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Windswept Callas

What inspires your floral designs? Is is the flowers, a piece of artwork, or a walk through the forest? We are all inspired by something. In this Flower School How-To Video Leanne shares a stunning contemporary design. Her inspiration was the windswept vase. You will love this design. Enjoy!

Video Transcription

Welcome to the Flower School .com video library. I'm Leanne Kesler, director of the Floral Design Institute. And today I'm here to share with you a fun video called windswept callas. The inspiration, the wonderful wind swept container. The mechanics, simply water and flower food. Nothing else. It will be all natural, secured in place by themselves. The callas I've left out over-night, laying on the counter without water. In doing so I can take them and manipulate, massaging to get nice draping. And that's the first step of this whole design is to take each calla and manipulate until you get nice draping.

Once they're massaged, you can see the natural drape is fabulous. Then just determining the length, giving it a cut, placing it in the water, and that way it'll start to rehydrate. It won't straighten out though. It'll just rehydrate with this beautiful curve established. And taking another thinking about how I want that one placed, giving it a cut then placing it in. Wedging it tightly, maybe giving it a little bit more of a massage. And then the last one, great curvature, determining the length, then placing it so that it stairsteps the eye back, adding graceful beauty, depth by pulling it to the back and then anchored down in securely.

For visual balance, and also to help secure the stems in place we going to go back and add hydrangea on this side. It'll give me a very fluffy, wonderful contrast to the sleek callas. Just giving it a cut and then using the alum, because that'll make it last the longest, just dipping directly on the alum, and then placing it in, securing it in. Make sure I've got it right over the stems, because I want everything to stay in place. And then the last one pulling off some of the leaves, giving it a cut, dipping it in the alum, and then once again, tucking it low below the first.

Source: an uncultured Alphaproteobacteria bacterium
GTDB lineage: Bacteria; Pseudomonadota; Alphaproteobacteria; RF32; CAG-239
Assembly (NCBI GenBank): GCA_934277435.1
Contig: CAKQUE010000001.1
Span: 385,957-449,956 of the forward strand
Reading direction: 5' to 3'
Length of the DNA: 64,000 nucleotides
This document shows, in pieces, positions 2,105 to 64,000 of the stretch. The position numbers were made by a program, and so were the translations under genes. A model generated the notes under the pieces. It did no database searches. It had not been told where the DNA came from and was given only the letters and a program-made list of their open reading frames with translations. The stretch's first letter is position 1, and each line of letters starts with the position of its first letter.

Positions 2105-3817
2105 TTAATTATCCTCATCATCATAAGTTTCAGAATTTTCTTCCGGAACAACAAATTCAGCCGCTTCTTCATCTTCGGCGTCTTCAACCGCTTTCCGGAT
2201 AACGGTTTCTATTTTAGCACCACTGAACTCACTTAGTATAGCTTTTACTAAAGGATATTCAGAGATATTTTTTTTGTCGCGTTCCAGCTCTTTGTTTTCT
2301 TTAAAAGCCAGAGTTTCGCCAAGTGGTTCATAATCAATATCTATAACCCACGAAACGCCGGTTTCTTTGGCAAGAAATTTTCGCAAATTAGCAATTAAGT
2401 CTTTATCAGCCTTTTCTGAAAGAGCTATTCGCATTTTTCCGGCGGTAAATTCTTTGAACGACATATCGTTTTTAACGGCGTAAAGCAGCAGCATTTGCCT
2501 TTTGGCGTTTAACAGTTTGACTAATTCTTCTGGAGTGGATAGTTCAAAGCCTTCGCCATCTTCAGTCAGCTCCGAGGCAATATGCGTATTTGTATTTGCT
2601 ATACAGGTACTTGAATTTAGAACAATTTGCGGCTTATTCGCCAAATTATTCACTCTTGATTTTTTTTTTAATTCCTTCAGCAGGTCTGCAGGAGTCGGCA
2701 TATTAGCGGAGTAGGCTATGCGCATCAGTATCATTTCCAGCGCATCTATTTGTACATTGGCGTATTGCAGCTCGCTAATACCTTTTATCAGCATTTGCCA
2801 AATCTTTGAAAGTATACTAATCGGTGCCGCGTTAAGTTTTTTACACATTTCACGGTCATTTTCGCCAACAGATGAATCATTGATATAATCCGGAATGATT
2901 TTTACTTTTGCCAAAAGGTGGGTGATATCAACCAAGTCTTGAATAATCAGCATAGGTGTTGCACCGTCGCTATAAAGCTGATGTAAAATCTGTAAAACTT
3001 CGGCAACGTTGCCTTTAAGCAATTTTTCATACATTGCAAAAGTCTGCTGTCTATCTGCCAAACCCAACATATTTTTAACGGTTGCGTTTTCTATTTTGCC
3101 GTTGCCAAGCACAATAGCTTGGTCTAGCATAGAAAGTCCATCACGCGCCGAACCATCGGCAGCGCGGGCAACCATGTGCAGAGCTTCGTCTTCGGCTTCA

Now to add some contrast, interest to the design. Some magnolia branches they've dried, they're wonderful. Just taking those and weaving that in sheltering over the top, then coming back with smaller bits. And placing it underneath, weaving, and then one more. Going a little taller, finding the spot, and weaving it, adding some movement. So you've got that wind swept, but kind of pulling back a tiny bit, guiding your eye to the focal emphasis. Then for texture, the preserved and dried fern, so grand. Just breaking it down and then sliding it in. And this last touch helps to secure everything in place. Making sure that it won't shift. Bring a little more, then turning it, looking at it from all sides and filling in with any more branches and any more fern that's needed.

The design now has most of the elements and principles, but we need a little bit more to maximize the unity for that I'm going to have used gluing and dried magnolia leaves. So they're already dry. They don't need to be in the water, using Oasis Floral Adhesive, just a bit at the base, let it begin to set and then tucking it down in, gluing it directly to the other materials picks up the brown of the branch and even the spine of the fern. Adding that darker hue just makes everything better because it enhances the unity.

The design started with the callas. So let's start the recipe there. We used three calla lilies. Then two of the hydrangea, then added the magnolia branches, two stems of the dried and preserved fern, and then one stem of magnolia leaves. Very easy, very fabulous for a windswept design.

Sometimes inspiration comes from the flowers. Other times, inspiration comes from the container. Which works for you the best? You'll find more creative inspiration at Flower School .com. If you have questions, you can reach us there or pick up the telephone and call (503) 223-8089. Now it's your turn. Get inspired, get creative, and then be sure to take a photograph, post it on social media and hashtag Floral Design Institute. That way we all can see what you do as you do something you love.

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